The sudden death of Rose’s husband Abe after forty years of marriage rocks her world to its foundations. Her feelings of abandonment and loss, followed by a flood of anger, erupt into insomnia and confusion. Rose believes her life was defined by Abe and she blames him for the overbearing behaviour that caused a rift between her and their two daughters.
They in turn – one living in London with her gay partner, the other unmarried and working in Micronesia – blame Rose for not standing up to their father. Rose and Abe would have loved grandchildren, and as Rose grieves for the life she believes she has lost, she fails to see that she can still live a life of her own. Her personal crisis reaches critical levels when she becomes addicted to sleeping pills, and her doctor suggests she occupy herself with voluntary work in the maternity ward of the local hospital. Here she befriends a single mother who, desperate and depressed, faces losing her baby to adoption.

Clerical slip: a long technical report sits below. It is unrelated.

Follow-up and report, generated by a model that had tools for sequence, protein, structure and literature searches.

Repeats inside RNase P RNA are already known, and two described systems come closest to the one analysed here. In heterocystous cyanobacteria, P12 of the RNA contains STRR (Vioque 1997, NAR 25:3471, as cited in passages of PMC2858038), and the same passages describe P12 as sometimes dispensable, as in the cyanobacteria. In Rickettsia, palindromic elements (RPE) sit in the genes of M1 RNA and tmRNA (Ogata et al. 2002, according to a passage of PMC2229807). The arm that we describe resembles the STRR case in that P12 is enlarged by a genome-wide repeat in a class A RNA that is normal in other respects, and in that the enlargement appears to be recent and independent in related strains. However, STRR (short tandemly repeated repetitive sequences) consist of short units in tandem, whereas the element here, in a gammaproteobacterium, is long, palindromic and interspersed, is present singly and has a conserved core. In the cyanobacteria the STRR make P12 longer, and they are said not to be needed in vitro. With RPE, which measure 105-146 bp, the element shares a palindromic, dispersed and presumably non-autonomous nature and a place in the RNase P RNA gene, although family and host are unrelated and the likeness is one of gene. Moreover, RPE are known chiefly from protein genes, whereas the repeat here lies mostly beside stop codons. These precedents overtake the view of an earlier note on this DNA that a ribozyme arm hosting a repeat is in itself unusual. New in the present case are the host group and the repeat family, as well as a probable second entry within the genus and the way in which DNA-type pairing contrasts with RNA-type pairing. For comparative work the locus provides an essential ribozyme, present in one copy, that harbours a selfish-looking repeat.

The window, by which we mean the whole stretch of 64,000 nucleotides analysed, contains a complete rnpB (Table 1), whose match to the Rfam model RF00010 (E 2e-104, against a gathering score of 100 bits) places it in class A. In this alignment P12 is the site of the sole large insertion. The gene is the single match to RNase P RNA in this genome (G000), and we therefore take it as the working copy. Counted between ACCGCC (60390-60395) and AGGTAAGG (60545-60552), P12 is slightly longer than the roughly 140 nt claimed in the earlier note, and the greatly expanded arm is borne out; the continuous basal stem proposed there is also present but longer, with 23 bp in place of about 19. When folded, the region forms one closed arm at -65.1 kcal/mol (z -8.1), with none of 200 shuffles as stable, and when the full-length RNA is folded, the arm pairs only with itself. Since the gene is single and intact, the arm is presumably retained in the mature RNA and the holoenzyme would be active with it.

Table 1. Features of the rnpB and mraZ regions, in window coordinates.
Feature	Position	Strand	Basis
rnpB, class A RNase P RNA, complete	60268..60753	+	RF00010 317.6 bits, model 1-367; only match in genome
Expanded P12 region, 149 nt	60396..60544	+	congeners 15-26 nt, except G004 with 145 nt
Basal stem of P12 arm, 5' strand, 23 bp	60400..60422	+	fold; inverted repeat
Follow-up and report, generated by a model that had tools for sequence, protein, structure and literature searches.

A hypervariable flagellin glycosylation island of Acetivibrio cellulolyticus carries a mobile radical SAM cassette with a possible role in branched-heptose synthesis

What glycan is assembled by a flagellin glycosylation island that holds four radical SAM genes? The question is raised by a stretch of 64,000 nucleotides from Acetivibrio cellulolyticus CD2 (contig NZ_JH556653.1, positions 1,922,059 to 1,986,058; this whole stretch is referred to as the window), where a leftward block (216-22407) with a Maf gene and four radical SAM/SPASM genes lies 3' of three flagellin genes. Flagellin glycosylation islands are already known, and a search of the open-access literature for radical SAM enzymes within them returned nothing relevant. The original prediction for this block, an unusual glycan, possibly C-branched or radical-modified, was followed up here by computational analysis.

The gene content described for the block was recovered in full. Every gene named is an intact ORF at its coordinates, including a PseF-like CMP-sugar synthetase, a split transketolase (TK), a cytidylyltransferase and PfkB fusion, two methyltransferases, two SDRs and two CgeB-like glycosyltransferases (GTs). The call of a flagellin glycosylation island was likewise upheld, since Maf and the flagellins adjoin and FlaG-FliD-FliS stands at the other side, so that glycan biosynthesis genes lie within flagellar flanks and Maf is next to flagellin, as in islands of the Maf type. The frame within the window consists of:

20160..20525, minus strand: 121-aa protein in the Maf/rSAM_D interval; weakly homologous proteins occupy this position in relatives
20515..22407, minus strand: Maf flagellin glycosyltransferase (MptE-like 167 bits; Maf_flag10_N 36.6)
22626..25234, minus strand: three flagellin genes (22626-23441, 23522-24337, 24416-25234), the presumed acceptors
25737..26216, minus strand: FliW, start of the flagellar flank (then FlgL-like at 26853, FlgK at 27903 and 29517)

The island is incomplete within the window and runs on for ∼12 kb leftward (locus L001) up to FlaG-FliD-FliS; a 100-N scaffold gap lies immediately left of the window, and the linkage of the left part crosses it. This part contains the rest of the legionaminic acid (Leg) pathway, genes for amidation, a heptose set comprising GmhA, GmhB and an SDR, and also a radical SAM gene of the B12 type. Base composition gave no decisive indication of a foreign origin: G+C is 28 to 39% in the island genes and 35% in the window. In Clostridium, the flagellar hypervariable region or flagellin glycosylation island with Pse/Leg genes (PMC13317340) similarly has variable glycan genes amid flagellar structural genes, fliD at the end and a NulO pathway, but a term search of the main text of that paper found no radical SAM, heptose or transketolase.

Poor, befuddled Rose believes she has the answer to the future happiness of both baby and mother and, with one drastic action, dramatically alters the course of her own life.